Then, I started to think (usually not a good idea but, in this case, it worked out): “What does she mean by this idea of assignments? What if, in fact, it is my true assignment to be right here, sitting with her, practicing her work, not making anywhere near the kind of money I always thought that I would make, and certainly that my family thought I should make? What if this is exactly the way it was designed to be? What if I am here through some sort of divine appointment? And, if that’s the case, then what’s my job? Obviously, like her, my job is to complete my assignment.”

I’m sure it is very difficult to appreciate, my pets, how completely transformational this was for your Daddy. First off, I was struck by this whole teleological notion that I was there and that you are here as a result of some larger guidance – perhaps unknowable but nonetheless very real. This was an idea that I had paid a little lip service to, but never really believed. And then, it seemed to follow, if she was here for a particular “assignment” and if l was here for a particular assignment, that there was logically a next assignment; that there was something beyond our present experience; that it wasn’t just Jean Paul Sartre and Camus, and “you only go around once in life”. What if what we experience here as physical bodies is a particular phase of a course of evolutionary consciousness that continues, perhaps on levels of awareness that are far beyond our present knowingness?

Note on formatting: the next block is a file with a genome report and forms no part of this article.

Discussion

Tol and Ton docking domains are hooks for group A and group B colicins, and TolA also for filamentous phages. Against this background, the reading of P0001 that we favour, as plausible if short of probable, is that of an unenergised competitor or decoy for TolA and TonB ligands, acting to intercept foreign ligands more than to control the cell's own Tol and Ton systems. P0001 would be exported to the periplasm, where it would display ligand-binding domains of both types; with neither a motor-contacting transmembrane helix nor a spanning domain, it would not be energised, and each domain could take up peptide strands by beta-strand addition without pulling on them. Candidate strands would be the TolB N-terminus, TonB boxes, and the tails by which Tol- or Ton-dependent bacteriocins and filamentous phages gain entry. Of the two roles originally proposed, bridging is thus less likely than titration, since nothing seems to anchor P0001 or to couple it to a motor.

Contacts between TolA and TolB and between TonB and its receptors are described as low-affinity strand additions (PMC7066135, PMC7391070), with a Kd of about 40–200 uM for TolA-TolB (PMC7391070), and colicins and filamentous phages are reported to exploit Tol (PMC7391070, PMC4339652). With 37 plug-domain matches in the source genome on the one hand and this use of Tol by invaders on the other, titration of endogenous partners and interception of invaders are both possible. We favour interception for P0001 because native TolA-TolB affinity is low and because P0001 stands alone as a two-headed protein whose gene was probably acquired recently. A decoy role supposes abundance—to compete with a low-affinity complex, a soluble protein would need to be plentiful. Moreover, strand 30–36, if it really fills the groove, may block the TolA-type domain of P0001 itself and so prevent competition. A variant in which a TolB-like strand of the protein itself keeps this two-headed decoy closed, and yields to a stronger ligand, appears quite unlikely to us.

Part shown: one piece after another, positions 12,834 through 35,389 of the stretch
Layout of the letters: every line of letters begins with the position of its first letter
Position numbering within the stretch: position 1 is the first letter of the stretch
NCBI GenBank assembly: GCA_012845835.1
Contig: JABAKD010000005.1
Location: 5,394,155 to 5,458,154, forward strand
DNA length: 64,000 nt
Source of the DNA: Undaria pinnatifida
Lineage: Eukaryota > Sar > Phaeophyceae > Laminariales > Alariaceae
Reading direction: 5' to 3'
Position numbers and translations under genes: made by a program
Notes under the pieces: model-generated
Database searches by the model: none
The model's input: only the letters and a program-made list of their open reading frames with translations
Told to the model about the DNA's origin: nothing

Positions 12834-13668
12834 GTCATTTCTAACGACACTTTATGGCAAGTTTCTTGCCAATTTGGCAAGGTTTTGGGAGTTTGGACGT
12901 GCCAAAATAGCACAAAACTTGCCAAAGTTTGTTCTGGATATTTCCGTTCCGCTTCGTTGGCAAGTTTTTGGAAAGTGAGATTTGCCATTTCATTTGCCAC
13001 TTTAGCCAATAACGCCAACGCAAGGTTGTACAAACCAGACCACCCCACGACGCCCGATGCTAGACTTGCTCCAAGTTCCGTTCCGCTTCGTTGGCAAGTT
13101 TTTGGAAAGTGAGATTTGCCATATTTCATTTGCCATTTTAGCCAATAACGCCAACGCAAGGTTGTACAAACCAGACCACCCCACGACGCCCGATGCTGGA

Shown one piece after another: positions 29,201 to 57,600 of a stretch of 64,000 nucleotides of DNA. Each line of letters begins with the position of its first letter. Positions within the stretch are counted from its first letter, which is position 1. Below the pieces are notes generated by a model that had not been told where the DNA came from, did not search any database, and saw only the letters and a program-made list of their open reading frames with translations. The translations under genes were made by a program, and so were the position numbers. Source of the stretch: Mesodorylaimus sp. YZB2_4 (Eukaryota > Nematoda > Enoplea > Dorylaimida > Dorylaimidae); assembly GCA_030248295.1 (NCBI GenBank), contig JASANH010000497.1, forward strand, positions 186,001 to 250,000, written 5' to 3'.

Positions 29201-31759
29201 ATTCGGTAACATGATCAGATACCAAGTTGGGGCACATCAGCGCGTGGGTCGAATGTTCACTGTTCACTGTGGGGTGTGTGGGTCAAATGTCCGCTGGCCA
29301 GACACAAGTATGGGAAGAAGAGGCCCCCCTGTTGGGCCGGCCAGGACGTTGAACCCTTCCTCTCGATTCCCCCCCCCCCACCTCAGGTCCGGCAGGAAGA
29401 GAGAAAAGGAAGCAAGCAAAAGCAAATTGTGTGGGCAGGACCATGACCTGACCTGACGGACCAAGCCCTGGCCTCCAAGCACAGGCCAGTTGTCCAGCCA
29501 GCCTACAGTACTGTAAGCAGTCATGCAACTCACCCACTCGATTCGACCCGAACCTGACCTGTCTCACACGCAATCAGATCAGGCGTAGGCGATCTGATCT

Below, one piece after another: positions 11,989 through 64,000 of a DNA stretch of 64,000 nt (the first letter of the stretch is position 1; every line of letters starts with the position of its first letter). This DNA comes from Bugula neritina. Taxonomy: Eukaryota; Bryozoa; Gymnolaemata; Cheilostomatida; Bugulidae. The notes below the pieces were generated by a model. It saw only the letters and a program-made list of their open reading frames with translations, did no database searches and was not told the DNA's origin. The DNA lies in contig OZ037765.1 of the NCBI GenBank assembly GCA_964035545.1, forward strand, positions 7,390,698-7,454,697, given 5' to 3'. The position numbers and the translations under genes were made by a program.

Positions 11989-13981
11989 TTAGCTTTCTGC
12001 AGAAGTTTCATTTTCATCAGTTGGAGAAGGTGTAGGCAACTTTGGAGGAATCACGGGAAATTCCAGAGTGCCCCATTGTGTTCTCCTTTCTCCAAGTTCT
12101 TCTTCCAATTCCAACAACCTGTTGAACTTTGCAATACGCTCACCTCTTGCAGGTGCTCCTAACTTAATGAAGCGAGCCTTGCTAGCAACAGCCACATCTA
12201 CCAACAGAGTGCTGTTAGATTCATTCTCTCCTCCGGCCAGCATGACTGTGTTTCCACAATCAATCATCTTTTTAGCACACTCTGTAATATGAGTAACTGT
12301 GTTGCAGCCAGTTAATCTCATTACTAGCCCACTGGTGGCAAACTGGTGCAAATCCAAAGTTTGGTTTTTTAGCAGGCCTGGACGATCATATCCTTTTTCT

Many years later I learned that this is actually a very ancient and well-established notion. The Vedic (Hindu) scriptures talk, not about assignments, but about “dharma”, and that each of us has our own dharma, our own purpose, something that we are here to do that no one else on the planet can do as well. The goal in life is not to be successful according to someone else’s measure (to earn the most money, to have the biggest reputation, to have the best friends, to be in the social group that everyone else wishes they were in), but to discover your true purpose, your dharma, your divine assignment.

And, children, if you haven’t left me pages ago, try to hear this part and try to hear it with all the clarity that you are heir to. Try to hear that you are here only to discover and realize your true assignment, your dharma, and don’t let your friends, your coaches, your teachers, your boyfriends or girlfriends, Mommy or almost anyone else (except Daddy of course) tell you what you’re supposed to do, when you’re supposed to do it, or how you’re supposed to do it. You and-fortunately or unfortunately – only you have, by divine inheritance, everything you will ever need to discover it for yourself. At the same time, there’s really nothing to worry about. You will get tons of help. It’s just that it may not always feel like help at the time. It may feel like defeat, loss, humiliation, tragedy or even despair. Just a wait a few moments, weeks, months or, if it’s really helpful, years. All the help you need will be there for you. It just may not be on your timetable. You, as well as everything inside and outside of you, is perfect, guided by a perfect light toward a singular, holy assignment that you will discover, accept, and complete in perfect fashion until it is time for your next assignment.

There is so much more that I could tell you about this person, Ida Rolf, who may or may not ever achieve the kind of recognition that many of us feel she deserves. One thing’s for sure. She was a whole person, as I hope you and I are continually coming to be. She could be mean. She could be unreasonable. She could be selfish. And, she could be extraordinary charming, funny, wise, and – in the end – willing and able to transcend the body that she devoted her life to healing.

I love each of you my children very much, and remember Dr. Rolf’s gift to Daddy and maybe to you, too: Don’t let anybody tell you who you are or why you are here -including (OK, especially) me.

Love,

Daddy